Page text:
Mapping humanitarian activities of Australian-based migrants, understanding attitudes to Freedom of Information requests and generating new knowledge in immunity, lymphatic transport and material science are all projects funded in the latest announcement of Australian Research Council (ARC) Linkage grants.
The funding was announced by Minister for Education and Youth, Alan Tudge, with the goal to link Australian universities with key industry partners on projects that will strengthen Australia’s future. By supporting the development of partnerships, the ARC encourages the transfer of skills, knowledge and ideas as a basis for securing commercial and other research benefits.
The funded projects are:
Mapping the culture of administering Freedom of Information (FOI) laws
Associate Professor Johan Lidberg (Faculty of Arts) leads a project in partnership with three Australian Information Commissioners/Ombudsmen to map the culture of administering Freedom of Information (FOI) laws across a number of Australian jurisdictions. The study aspires to capture and analyse the attitudes among FOI practitioners, government agency management and political leaders toward information access implementation. The project aims to provide the partner organisations with an increased understanding of the culture of administering FOI to inform training/awareness programs and campaigns in order to increase the functionality of FOI. Well-functioning access to information systems is crucial both for good governance and Australia’s participation in the digital economy.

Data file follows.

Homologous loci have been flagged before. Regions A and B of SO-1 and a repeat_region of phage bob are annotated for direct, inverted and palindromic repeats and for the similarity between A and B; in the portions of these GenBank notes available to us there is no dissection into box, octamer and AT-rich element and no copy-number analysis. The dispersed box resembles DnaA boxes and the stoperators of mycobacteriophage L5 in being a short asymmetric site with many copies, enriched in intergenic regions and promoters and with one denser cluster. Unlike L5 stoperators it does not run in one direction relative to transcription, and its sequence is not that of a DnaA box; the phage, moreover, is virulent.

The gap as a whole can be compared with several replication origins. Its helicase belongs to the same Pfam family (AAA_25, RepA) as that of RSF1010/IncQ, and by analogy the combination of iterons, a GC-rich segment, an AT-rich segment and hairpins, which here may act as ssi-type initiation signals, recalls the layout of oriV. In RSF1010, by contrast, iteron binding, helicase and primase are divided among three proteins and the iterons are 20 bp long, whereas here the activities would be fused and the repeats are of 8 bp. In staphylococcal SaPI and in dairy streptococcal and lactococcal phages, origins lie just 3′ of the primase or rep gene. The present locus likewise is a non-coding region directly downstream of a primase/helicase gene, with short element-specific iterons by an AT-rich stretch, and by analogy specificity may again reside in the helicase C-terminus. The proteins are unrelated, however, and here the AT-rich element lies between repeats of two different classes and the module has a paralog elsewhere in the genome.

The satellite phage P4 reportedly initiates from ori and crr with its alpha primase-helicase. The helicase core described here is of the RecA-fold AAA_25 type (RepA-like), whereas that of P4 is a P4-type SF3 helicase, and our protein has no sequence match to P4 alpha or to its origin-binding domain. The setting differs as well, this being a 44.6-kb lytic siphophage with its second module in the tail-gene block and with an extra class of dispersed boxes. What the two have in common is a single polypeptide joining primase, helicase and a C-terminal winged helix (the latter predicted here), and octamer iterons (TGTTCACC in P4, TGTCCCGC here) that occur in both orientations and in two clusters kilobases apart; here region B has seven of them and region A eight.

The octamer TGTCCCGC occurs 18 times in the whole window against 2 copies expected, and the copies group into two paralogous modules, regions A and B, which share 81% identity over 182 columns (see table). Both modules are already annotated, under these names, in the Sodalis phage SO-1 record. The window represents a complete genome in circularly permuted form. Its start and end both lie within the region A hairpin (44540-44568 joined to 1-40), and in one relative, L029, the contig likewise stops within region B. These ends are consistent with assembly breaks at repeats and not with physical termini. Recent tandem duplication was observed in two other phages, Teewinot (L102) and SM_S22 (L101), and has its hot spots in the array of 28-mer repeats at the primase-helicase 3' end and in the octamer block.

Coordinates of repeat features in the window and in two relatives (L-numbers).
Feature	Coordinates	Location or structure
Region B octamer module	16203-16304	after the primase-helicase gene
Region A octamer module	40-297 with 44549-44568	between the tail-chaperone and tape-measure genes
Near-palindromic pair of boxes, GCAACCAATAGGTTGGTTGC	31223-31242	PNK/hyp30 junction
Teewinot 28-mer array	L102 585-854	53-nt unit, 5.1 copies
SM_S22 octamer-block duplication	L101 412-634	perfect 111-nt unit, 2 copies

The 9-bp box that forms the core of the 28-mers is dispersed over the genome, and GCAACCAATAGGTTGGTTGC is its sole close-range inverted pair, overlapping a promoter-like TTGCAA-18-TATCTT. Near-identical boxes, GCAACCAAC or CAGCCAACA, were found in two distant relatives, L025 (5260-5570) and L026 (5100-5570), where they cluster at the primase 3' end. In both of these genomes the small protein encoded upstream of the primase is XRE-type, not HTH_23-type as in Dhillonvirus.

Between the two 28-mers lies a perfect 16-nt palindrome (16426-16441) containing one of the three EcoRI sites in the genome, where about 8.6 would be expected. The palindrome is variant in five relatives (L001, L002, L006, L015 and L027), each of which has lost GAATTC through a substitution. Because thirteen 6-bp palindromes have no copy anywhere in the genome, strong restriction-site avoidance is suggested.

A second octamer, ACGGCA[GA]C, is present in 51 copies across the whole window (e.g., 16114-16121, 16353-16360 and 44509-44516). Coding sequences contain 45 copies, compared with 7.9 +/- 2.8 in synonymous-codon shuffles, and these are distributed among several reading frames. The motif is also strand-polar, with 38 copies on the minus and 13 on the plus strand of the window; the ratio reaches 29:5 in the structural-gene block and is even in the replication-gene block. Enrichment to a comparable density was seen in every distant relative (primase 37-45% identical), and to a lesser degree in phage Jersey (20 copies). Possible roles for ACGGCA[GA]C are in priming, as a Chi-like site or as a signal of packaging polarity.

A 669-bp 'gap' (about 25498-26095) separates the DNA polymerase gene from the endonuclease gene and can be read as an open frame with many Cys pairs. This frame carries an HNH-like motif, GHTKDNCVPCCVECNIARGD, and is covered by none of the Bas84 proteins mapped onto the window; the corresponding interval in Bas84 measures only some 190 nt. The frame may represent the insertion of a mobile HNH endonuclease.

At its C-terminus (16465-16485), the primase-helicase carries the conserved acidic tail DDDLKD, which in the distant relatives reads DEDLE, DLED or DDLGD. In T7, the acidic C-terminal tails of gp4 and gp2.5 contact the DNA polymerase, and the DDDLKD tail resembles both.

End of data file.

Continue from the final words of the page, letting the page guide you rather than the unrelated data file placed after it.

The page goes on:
Understanding the humanitarian activities of Australia-based migrants in crises abroad
Associate Professor Alan Gamlen (Faculty of Arts) leads a project aimed at mapping the extensive humanitarian activities and contributions of Australia-based migrants to crises abroad. Australia is home to large diasporas who are connected to communities in many humanitarian crisis hotspots, including the project’s focus areas: Afghanistan, Syria, South Sudan, Myanmar, Indonesia, Nepal, and the Pacific Islands. By generating much-needed knowledge on how and why migrants engage in humanitarian responses, the project expects to support and improve the work of diasporas themselves, the Australian Civil-Military Centre and other humanitarian organisations, who are partners in the project. This will benefit Australia by highlighting our innovative leadership role in humanitarian and migration issues.
The role of hyaluronan in antigen presentation and immunity
This project led by Professor Chris Porter from the Faculty of Pharmacy and Pharmaceutical Sciences will examine how hyaluronidase, an enzyme that breaks down hyaluronan (a structural component of the skin), affects antigen and cell trafficking to lymph nodes. The project expects to generate new knowledge on the role of hyaluronan in antigen presentation and immunity and to build an interdisciplinary collaboration across immunology, lymphatic transport and material science. The expected outcomes of the project are the development of new knowledge and new models to explore immunity, interdisciplinary training for researchers and post graduate students and a roadmap of the importance of hyaluronan in antigen trafficking.